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Stories of the waltzes

 

Each of these tunes has a story. In case you are interested I've given explanations below, where I felt I could do so without embarassing myself or revealing some private memories. (Download a printable version of this page).

 

1. Return to County Clare. A former partner of mine took a trip to Ireland, the home of her ancestors. I wrote this tune as a send-off for her.

2. Gypsy Waltz. In 1998 I took an 8400-mile road trip across the country. While driving through Utah a tune came to mind, so I sang and sang until I had worked it out and memorized it. Good thing, as I wouldn't have a piano or music paper for another few days. I later found out from David DiGiueseppe that I had written a tune in the style of a French musette, not a gypsy tune, but by that time the title had stuck. Thank you David and Joe Sobol for your wonderful recording this tune.

3. A Mother's Sorrow. A dear friend of mine became estranged from her daughter for a time. I tried to convey the sorrow she must have felt, but also the hope that eventually led to their reuniting.

4. LEAF Waltz. In May 2010 my band Waxwing played at the Lake Eden Arts Festival (LEAF) for two shows, one of which was an hour of my waltzes. I wrote this tune specially for this event.

5. After the Hike. This tune reflects the tender feelings one experiences at the start of a relationship.

6. Shosty's Waltz. Driving to school one day I heard a snazzy tune on the radio by Shostakovich. By the time I got to my office only the first five notes remained in my mind, but it was enough to inspire a new waltz!

7. Black Mountain Farewell. In much the same way Jay Ungar wrote his "Ashokan's Farewell" as a remembrance of a fine dance weekend, this tune came at the end of a wonderful weekend dancing in Black Mountain, NC. Many thanks for a lovely recording of this work by Kate Steinbeck (who lives close to Black Mountain!) and Bryon Hedgepeth.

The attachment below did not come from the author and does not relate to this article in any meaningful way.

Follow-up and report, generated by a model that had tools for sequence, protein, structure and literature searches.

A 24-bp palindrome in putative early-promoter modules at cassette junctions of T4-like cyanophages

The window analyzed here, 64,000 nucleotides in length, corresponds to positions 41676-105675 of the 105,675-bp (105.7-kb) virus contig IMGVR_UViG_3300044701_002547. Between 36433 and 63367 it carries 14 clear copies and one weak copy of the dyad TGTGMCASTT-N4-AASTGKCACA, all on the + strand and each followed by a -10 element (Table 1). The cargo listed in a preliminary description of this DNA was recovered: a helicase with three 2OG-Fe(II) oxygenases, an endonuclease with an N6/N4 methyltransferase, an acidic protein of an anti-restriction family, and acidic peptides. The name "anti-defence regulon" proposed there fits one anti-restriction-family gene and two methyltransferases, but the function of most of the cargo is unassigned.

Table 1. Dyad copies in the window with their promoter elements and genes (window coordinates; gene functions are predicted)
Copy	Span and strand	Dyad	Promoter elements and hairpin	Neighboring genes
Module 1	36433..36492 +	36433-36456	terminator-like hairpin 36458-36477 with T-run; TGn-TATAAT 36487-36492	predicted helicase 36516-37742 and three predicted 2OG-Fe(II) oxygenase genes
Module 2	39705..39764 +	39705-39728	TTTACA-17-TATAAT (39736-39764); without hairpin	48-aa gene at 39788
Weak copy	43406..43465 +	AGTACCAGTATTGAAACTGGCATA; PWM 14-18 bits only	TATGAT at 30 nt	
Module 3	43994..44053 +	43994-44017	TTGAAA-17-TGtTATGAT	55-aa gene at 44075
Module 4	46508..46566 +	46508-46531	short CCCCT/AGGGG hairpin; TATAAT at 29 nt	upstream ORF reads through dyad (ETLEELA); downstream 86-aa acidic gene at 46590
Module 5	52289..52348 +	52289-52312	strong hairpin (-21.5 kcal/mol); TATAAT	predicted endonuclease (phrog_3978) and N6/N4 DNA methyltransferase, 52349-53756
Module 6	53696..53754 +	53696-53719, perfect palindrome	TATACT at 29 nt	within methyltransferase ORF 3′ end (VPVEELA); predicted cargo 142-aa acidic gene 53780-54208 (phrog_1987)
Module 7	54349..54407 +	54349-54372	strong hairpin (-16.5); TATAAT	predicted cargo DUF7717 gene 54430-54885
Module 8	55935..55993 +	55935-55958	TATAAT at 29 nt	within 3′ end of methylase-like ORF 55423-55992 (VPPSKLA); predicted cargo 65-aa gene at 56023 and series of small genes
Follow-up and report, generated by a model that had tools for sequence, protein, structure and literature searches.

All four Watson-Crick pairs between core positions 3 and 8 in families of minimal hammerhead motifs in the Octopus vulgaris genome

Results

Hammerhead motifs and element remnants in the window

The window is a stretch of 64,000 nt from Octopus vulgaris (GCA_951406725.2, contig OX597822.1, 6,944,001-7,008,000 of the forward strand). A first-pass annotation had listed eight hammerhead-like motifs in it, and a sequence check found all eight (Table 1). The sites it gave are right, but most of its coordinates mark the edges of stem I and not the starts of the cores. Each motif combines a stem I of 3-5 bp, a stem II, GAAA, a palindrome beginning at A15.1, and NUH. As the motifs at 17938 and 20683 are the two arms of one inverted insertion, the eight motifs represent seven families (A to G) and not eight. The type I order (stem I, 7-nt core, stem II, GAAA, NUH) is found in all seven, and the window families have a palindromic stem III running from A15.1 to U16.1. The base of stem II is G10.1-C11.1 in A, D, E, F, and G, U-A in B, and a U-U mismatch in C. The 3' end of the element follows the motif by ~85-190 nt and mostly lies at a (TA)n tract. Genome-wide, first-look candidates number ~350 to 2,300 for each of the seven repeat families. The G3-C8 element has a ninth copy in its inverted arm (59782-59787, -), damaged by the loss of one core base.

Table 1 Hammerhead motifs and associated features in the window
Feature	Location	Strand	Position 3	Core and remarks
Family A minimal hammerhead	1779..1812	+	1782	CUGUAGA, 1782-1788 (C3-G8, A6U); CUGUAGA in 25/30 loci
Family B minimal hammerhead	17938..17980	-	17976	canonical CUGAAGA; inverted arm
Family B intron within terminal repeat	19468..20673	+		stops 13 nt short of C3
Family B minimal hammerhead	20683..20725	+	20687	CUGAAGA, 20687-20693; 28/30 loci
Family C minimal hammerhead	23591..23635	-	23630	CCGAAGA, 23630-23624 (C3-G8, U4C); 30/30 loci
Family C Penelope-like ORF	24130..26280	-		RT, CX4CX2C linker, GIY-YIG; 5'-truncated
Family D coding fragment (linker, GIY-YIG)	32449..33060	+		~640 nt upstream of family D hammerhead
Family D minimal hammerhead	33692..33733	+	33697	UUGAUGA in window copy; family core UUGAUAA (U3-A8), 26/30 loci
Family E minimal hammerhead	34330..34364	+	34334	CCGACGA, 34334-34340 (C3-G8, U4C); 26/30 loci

8. Loss. This tune expresses feelings I had following a deep and rather personal loss.

9. Moving On. A companion piece on the CD to "Loss," this tune was written a few years later in response to another difficult time in my life, with the conviction that one must consciously "move on" in life after hardship.

10. Second Anniversary Waltz. I wrote this piece as a surprise second anniversary gift to a special person in my life at the time.

11. September 11, 2001. The tragedy of 9/11 came a few days before the annual English dance weekend in Atlanta. The musicians were not able to fly from the northeast and some dancers thought it inappropriate to dance in light of our national tragedy. But it was decided the dance was necessary, an opportunity to be with fellow human beings during those trying times. While not able to attend myself, I wrote the tune and sent it electronically to Atlanta. Jacqueline Schwab, Earl Gaddis and Daron Douglas played it as the final dance that weekend. I am honored that Daron and pianist Paul Moore recorded so touching a rendition of this tune.

12. Sleepy Z Waltz. My son, who never naps, fell asleep in the car on the way to his young friend's birthday party. I composed the first half of this tune in the car, singing it into my phone for later transcription. "Z" stands for Zander, my son's name.

13. Wayne and Donna's Waltz. I wrote this tune as a wedding gift for my dear friends Wayne and Donna Hitt. They and their friends danced to it at their backyard wedding reception.

14. Menagerie Waltz. My friend and colleague Alec Harrington directed Glass Menagerie at Clemson University. He asked me to write some music for the production, something that would sound circus-like and somewhat demented. This was the result!

15. We Knew. My dear friend Ginger Pyron and I wanted to collaborate on a waltz song for some time. By her request I wrote the tune first, to which she wrote wonderful lyrics. To top it off she wrote the choreography of a lovely English dance that so nicely fit the tune and lyrics. We performed the dance and tune together once in Atlanta; hopefully we'll have another opportunity to present them together again some day. Many heartfelt thanks to my dear friends Ginger (for her lovely lyrics) and Cindie and Jon Rothe (for her beautiful singing and his guitar playing and lifelong friendship).


Financial support provided in part by the Clemson University University Research Grant Committee's Project Completion Grant and the Reynolds Foundation.

 

 

 © 2012 Andrew Levin, ASCAP

Last updated February 3, 2013